Among the Act’s plethora of emergency powers, is a measure that provides immediate protection to renters, including those who may be struggling to pay rent, meaning that until 30 September 2020, landlords are not able to start possession proceedings unless they have given their tenants three-months’ notice – this notice period has been extended from two months. Furthermore, current housing possession court cases have been suspended for the 90-day period starting 27 March 2020.
What if the property I rent out needs a repair?
Despite the global pandemic, landlords’ repair obligations have not changed. Tenants have a right to a decent, warm and safe place to live. It is therefore in the best interests of both tenants and landlords to ensure that properties are kept in good repair and safe for their occupants during the lockdown.
Good property management usually requires regular property visits and maintenance, however, due to new, self-isolation rules landlords may need to rely more heavily on their tenants to keep them informed of any faults. It is therefore advisable for your tenants to be made aware of this responsibility and also request that they be prepared to allow landlords or contractors access to their rental property in order to remedy urgent health and safety issues or allow gas safety certificates to be issued, if this can be done safely, of course.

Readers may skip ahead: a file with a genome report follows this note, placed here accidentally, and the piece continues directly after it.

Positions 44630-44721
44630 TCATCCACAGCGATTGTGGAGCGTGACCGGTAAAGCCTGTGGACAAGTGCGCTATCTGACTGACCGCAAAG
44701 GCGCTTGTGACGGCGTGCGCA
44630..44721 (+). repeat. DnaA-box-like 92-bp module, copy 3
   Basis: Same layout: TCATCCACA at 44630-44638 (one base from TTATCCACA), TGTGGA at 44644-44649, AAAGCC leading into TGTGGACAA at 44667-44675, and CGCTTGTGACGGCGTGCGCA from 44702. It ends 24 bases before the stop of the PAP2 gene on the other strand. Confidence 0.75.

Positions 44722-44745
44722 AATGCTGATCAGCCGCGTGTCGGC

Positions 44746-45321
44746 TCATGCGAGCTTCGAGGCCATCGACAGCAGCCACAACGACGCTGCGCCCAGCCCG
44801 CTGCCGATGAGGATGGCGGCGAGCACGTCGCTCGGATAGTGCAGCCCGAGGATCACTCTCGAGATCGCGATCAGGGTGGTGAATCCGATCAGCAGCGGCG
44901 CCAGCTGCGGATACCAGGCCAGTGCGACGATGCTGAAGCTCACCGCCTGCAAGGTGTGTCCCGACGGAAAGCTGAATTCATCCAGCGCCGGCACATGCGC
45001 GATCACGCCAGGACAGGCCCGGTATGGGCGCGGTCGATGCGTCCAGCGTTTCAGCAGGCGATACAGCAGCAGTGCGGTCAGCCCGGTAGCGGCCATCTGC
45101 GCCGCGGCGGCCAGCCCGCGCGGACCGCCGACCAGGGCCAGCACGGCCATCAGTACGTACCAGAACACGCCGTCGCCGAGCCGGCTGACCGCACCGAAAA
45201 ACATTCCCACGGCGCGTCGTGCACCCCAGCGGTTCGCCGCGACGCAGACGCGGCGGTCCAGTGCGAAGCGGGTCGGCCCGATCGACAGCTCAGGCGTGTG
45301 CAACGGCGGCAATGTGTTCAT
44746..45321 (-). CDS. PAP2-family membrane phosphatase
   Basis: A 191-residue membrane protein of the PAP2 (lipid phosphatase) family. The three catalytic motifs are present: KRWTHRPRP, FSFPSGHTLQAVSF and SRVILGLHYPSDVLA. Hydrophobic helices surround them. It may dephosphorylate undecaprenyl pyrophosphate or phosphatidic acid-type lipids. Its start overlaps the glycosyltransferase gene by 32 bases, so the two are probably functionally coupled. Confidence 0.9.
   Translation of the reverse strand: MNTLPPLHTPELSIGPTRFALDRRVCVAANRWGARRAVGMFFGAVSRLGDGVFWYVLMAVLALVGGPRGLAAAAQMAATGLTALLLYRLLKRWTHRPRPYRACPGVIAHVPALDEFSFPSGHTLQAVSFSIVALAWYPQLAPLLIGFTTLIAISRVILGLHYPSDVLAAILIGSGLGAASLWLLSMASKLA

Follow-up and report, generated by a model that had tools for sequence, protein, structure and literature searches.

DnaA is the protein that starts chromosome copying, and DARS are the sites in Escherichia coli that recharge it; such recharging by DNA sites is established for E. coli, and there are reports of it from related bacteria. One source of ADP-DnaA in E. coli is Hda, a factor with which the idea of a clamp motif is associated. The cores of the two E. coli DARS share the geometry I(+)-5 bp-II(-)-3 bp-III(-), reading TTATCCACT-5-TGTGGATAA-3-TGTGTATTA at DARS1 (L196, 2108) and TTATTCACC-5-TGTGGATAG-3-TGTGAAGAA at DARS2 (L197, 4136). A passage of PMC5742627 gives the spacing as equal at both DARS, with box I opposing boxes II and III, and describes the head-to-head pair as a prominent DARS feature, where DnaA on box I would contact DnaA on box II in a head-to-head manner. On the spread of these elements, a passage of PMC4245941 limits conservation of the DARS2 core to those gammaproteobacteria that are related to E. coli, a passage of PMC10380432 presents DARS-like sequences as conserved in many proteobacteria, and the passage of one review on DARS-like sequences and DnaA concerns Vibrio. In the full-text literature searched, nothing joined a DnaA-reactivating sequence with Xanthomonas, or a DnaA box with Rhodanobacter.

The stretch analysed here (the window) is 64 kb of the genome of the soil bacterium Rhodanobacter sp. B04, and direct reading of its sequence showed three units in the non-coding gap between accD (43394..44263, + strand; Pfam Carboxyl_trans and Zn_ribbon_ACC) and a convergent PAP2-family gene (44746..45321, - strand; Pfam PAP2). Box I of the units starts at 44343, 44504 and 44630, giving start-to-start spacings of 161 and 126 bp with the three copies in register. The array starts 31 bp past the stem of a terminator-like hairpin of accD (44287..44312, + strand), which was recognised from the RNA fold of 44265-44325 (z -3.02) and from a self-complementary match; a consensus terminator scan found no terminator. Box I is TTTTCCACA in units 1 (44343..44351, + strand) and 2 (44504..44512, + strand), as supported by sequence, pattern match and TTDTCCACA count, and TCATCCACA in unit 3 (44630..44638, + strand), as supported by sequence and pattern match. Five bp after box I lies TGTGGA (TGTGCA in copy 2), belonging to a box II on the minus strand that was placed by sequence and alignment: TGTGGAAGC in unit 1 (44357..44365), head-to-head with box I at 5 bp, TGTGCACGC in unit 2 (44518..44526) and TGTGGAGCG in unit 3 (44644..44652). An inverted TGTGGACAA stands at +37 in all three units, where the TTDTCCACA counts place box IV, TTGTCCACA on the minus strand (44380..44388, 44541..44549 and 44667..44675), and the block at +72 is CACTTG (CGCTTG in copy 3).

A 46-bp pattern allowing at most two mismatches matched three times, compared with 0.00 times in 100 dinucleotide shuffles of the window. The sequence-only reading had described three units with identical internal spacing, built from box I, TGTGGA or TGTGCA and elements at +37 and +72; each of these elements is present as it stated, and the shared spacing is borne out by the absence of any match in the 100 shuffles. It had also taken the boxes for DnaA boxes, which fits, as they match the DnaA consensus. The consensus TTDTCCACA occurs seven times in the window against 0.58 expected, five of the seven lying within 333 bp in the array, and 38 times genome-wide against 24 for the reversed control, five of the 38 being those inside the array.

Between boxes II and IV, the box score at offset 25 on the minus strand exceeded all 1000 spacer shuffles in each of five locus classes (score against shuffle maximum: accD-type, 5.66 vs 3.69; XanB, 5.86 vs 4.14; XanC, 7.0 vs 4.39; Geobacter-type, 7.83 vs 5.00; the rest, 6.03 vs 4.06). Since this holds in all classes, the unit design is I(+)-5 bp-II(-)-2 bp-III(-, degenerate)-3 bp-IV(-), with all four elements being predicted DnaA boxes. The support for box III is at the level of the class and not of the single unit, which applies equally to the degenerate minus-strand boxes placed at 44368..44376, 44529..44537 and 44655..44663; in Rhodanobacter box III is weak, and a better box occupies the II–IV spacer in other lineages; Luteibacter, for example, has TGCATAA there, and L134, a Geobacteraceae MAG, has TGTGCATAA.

Basically, in these unprecedented times, tenants and landlords should work together forming a common-sense approach to their relationship.
And no matter what kind of rental property you own, the Government has made it clear that nobody can be removed from their property if they are suffering from the virus, nor are landlords obliged to provide alternative accommodation for tenants if others in the property contract the virus. Occupants should just be directed to NHS guidance on self-isolating.
What about mortgage repayments?
Mortgage lenders have agreed to offer payment holidays of up to three months where this is needed due to Coronavirus-related hardship. These payment holidays are also available for buy-to-let mortgages. Landlords should be able to access mortgage holidays if they are currently up to date with their mortgage payments and they or their tenant have been financially affected by the pandemic.